We’ve recently had a few situations where folks have asked us about Schedule Margin: what is it, how does it work and when do you use it? In short, Schedule Margin is a technique for managing schedule contingency. Schedule analysts use it to help ensure that either a certain milestone or an overall schedule’s completion is protected. The end objective can be accomplished in a number of different ways, some examples of these are listed below:
- One approach is the adding of additional lag times (e.g. a lag of 3 days is increased to 5 days) between tasks to provide excess “cushion” in the hope that the task will be completed earlier than scheduled completion date. In this case additional float is incorporated into the schedule to give the operating team a higher probability of success.
- Another approach would be the addition of a “synthetic” task inserted immediately prior to the milestone task being protected. This accomplishes the same objective as item 1. However, unlike item 1, that might necessitate increasing a number of tasks lags, in this case a single such “synthetic” task’s insertion would be used to accomplish the objective of providing some level of insurance that the milestone would be accomplished on schedule.
- Another approach that is occasionally used, is to increase the duration of tasks immediately preceding the significant milestone. This gives the schedule analyst a way to ensure that the task will be completed on schedule.
- In some cases there may even be a combination of the approaches described above. This may be based upon the degree of risk that the schedule analyst and the Program Management teams have assessed for a particular milestone event.
In all cases, the objective is the same. To increase the probability of a significant milestone event being completed on schedule based upon internal and ultimately Customer needs.
Schedule Margin In Action
Whichever option or combination of options you choose to use in the establishment and control of schedule margin, the value of the float or the duration of the activity is equivalent to the schedule margin resulting from a Schedule Risk Analysis (SRA).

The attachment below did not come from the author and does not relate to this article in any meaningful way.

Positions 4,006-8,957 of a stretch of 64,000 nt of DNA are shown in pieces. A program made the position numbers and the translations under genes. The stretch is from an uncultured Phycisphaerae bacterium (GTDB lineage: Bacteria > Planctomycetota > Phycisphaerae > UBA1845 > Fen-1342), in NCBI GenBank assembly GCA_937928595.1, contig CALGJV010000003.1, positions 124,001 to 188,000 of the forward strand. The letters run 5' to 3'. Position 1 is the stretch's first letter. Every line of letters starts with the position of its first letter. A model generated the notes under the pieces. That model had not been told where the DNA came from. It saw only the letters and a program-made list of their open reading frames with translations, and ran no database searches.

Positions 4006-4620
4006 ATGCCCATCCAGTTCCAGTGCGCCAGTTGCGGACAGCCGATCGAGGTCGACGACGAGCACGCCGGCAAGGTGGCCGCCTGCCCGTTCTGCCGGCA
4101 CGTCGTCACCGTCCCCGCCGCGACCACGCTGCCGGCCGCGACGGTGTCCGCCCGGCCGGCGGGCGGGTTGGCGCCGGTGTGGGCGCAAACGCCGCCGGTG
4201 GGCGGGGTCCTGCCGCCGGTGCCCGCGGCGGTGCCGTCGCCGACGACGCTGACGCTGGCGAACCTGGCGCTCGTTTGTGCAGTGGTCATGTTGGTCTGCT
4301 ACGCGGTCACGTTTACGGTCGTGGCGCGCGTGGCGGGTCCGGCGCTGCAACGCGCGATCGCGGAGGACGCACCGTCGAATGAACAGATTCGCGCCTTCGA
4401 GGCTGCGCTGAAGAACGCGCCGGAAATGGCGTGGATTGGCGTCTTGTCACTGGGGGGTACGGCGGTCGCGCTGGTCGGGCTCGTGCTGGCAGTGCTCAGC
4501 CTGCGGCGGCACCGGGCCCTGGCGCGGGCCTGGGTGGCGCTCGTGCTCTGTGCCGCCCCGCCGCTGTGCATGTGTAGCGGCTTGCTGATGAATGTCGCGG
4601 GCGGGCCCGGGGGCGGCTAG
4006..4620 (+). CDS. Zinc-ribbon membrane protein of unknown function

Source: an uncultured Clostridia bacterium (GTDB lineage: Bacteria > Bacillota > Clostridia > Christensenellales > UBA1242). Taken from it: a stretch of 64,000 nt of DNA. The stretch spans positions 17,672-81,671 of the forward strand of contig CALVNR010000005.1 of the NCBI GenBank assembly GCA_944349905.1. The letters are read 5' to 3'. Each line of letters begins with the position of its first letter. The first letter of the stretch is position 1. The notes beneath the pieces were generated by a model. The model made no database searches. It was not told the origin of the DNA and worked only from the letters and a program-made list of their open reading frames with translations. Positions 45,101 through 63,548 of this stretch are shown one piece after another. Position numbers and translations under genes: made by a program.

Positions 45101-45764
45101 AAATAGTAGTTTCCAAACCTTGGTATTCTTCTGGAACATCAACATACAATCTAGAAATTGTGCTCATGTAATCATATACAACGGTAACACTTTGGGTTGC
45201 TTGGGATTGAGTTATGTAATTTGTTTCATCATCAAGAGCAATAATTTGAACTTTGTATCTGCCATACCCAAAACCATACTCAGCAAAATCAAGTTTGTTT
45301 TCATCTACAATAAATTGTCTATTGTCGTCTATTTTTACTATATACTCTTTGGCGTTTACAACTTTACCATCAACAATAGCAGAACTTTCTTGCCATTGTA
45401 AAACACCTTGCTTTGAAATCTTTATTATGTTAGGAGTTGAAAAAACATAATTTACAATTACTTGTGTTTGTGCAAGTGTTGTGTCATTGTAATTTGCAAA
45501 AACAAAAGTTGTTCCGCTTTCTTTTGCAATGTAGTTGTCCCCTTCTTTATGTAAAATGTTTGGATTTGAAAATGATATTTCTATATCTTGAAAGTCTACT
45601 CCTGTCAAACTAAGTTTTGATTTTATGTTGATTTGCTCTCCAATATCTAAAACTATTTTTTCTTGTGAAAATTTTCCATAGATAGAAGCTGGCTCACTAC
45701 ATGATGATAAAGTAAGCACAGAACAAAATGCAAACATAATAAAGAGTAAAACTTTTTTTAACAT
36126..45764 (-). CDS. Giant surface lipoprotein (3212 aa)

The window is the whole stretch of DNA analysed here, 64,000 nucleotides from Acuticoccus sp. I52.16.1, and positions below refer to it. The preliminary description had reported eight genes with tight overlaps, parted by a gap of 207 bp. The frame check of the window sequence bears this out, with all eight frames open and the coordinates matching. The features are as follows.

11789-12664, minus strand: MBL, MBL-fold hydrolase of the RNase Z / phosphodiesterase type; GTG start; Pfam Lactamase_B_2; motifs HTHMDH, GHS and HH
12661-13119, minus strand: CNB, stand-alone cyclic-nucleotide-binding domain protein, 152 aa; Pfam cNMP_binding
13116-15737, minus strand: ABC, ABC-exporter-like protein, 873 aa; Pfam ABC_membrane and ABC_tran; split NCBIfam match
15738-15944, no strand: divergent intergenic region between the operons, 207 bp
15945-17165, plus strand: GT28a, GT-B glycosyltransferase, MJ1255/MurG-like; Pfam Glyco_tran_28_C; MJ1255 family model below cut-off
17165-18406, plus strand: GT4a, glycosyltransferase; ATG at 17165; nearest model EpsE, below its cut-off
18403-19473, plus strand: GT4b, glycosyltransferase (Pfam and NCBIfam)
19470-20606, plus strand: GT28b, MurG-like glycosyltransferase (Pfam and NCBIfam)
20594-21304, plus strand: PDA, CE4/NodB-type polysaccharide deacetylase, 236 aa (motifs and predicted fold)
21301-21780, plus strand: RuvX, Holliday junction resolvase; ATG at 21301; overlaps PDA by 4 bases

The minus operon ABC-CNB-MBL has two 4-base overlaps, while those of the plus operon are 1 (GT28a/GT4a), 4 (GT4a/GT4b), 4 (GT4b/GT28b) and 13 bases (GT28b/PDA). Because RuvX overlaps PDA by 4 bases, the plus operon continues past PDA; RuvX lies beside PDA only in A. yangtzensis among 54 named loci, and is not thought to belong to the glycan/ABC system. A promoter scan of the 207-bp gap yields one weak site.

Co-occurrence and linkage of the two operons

The following example, using Deltek Open Plan, is representative of using schedule margin float value before the deliverable, but it could just as easily been an activity.
The Project Manager has defined a schedule and Critical Path Method (CPM), is predicting a completion date of 9/27 and there is a placeholder for Schedule Margin with no duration. The Schedule Margin task (ID: 7) has no duration and there are no targets imposed on the project, so there is no impact on the Critical Path.
The Project Manager has selected a confidence factor to be used to compute the margin based on Schedule Risk Analysis. A baseline is used to capture and display the initial margin. Schedule Risk analysis predicts we have a 95% chance of completion by 10/2. In this case, we will commit to 10/2 in our contract with our customer.
The Red Arrows show the date that we are 95% confident of finishing the various activities.
The Green Schedule Margin bar is drawn between the finish predicted by CPM and the 95% confidence date selected by the Project Manager as the contractual delivery date.
After Status Update
The project has now started and progress has not gone according to plan. The slippage is now highlighted as consumption of the margin. You can see that activity 2 has not gone as planned and is now on the critical path. The impact of activity 2 running long has pushed out activities 5 and 6 and is starting to consume the original margin. The project delivery date is still protected and unchanged at 10/2.
Standard CPM Report
The standard CPM reports still work as normal and show the slippage of the project forecast completion to 9/28.
Whichever option you choose, the critical path schedules will be correct up to either the float or the activity you’ve introduced for schedule margin. As the program is executed, any changes to either the schedule margin float or activity must be documented by Baseline Change documentation approved by the Program Change Control Board. In this manner, both internal and Customer Management are cognizant of the consumption of the Program’s Schedule Margin and the reasons why it has happened.